As a self-financing institution, it is essential for the Open University of Hong Kong to define its strategic directions and allocate resources accordingly so that it fulfils its vision, mission and key values, and promotes the graduate attributes it espouses.
In 2008, the University formulated its strategic plan for 2008–17 which highlighted the actions it intended to take over that period. However, given its experience in a frequently changing context, it is necessary to review the plan on a rolling basis, and so this plan covers the years 2013–22.
This document first reviews what had been achieved by 2013 and then examine the environment the University will be facing, followed by a list of intended strategic initiatives and our targets for student enrolment and finance.
In the Strategic Plan for 2008–17, the University stated that it aimed to create an innovative and flexible learning model that blended the essence of distance learning, face-to-face teaching and e-learning as a long-term strategic goal. To achieve this objective, the University outlined the following initiatives:
Since 2008, the University has been making solid progress on these initiatives, though largely at a slower pace than anticipated.
In 2013, distance learning is still the leading mode of study at the OUHK in terms of student headcount, number of programmes, discipline areas and courses offered. Although the enrolment figures for these programmes have declined slowly, they have stabilized at around 12,000 students over the last two years. Twenty-seven new programmes have been offered since 2008, bringing the total number to 159 in 2013.
For e-learning, the University has offered three sets of postgraduate and certificate-level programmes since 2008 through the Centre for eLearning (EL), of which the Master of Laws in Chinese Business Law is currently the most active. The total number of students studying such programmes, however, has been low, at around 300.
In contrast, the University has made significant advances on full-time, face-to-face programmes. The number of full-time programmes, including honours degree, ordinary degree and sub-degree programmes, has increased from 31 in 2007–08 to 45 in 2013–14. Around 2,800 new students were recruited in 2013–14, and the total number now exceeds 6,700. The University joined JUPAS in 2007–08 and, in the 2013–14 academic year, 19 honours degree programmes admitted students through JUPAS. The OUHK has also coped with the change to the 3-3-4 system in 2012–13, and is now offering four-year degree programmes with similar entry requirements as the market in general. Besides offering programmes which mirror the distance learning programmes, the University has also started to offer programmes in new subject areas which have no distance learning counterparts, such as Creative Writing and Film Arts. However, because of restrictions on land use, it has been difficult for the University to secure land grants from the Government for developing a student hostel.
In December 2010, the Government granted the OUHK a site in Chung Hau Street, near the current campus, to build a new college — named Jubilee College of the Open University of Hong Kong — which is a 12-storey structure with a total gross floor area of 21,500 square metres. The site of the College is referred to as ‘the Jockey Club Campus,’ in honour of the HK Jockey Club Charities Trust which contributed a substantial amount of funding for its construction. The College was completed in 23 months, within budget. Jubilee College offers degree programmes in the areas of Creative Arts, Nursing and Health Studies, and Testing and Certification to develop professionals for three of the six crucial industries promoted by the Hong Kong Government. The enrolment for programmes housed in the College has reached the planned target. Four of the programmes have been identified by the Education Bureau for support under the Government’s Theme-based Subsidy Scheme (TBSS).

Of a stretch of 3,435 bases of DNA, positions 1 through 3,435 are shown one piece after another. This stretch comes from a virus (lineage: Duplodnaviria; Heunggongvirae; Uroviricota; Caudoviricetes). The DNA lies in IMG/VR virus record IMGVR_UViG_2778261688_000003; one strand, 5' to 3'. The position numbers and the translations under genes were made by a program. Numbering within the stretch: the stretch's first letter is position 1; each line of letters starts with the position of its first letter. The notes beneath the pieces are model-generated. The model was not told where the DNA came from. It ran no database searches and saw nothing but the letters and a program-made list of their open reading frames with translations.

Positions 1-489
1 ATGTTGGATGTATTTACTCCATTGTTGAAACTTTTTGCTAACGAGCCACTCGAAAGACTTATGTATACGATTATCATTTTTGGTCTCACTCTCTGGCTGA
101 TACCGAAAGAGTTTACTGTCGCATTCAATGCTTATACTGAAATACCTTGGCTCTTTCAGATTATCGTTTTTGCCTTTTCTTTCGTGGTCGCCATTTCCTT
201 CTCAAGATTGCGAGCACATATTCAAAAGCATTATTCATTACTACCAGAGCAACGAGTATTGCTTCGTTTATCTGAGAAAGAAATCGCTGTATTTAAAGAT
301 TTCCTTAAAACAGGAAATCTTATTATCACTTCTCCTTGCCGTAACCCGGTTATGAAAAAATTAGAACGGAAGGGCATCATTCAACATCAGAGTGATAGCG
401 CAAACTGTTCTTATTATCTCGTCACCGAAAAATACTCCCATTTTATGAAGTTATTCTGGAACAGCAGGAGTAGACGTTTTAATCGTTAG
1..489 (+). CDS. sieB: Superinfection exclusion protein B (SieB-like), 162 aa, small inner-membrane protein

It features innovative facilities such as specialized laboratories, Active Learning Classrooms and Learning Commons.
These new premises enable the University to provide more facilities and a better learning environment for students and inject new elements of guided self-learning and active learning into teaching. For example, the Active Learning Classrooms and Learning Commons can be used by students on their own or under the guidance of instructors.
For the mainland initiatives, the University has continued to recruit about 20–30 new students into its full-time face-to-face programmes every year since 2008, with the total number now almost 120. Without a hostel for these students, it was impractical to increase this figure significantly. Other activities in the mainland have had to slow down due to continual Government restriction and resource limitations.
As regards the international market, the University has successfully forged collaborative ventures in new countries and regions such as Myanmar and Macau, offering joint distance programmes at sub-degree and postgraduate levels. However, it has proved to be difficult to develop more international collaborative ventures because of differences in, for instance, the state of economic development, language barriers and acceptance of e-learning.
To augment the part-time programme offerings, the University has launched 18 more part-time face-to-face programmes since 2008, including master’s programmes in Legal Translation, Engineering, Global and Public Governance, and Testing and Certification. Twenty-eight of these programmes are currently being offered, with a total enrolment of about 300 students.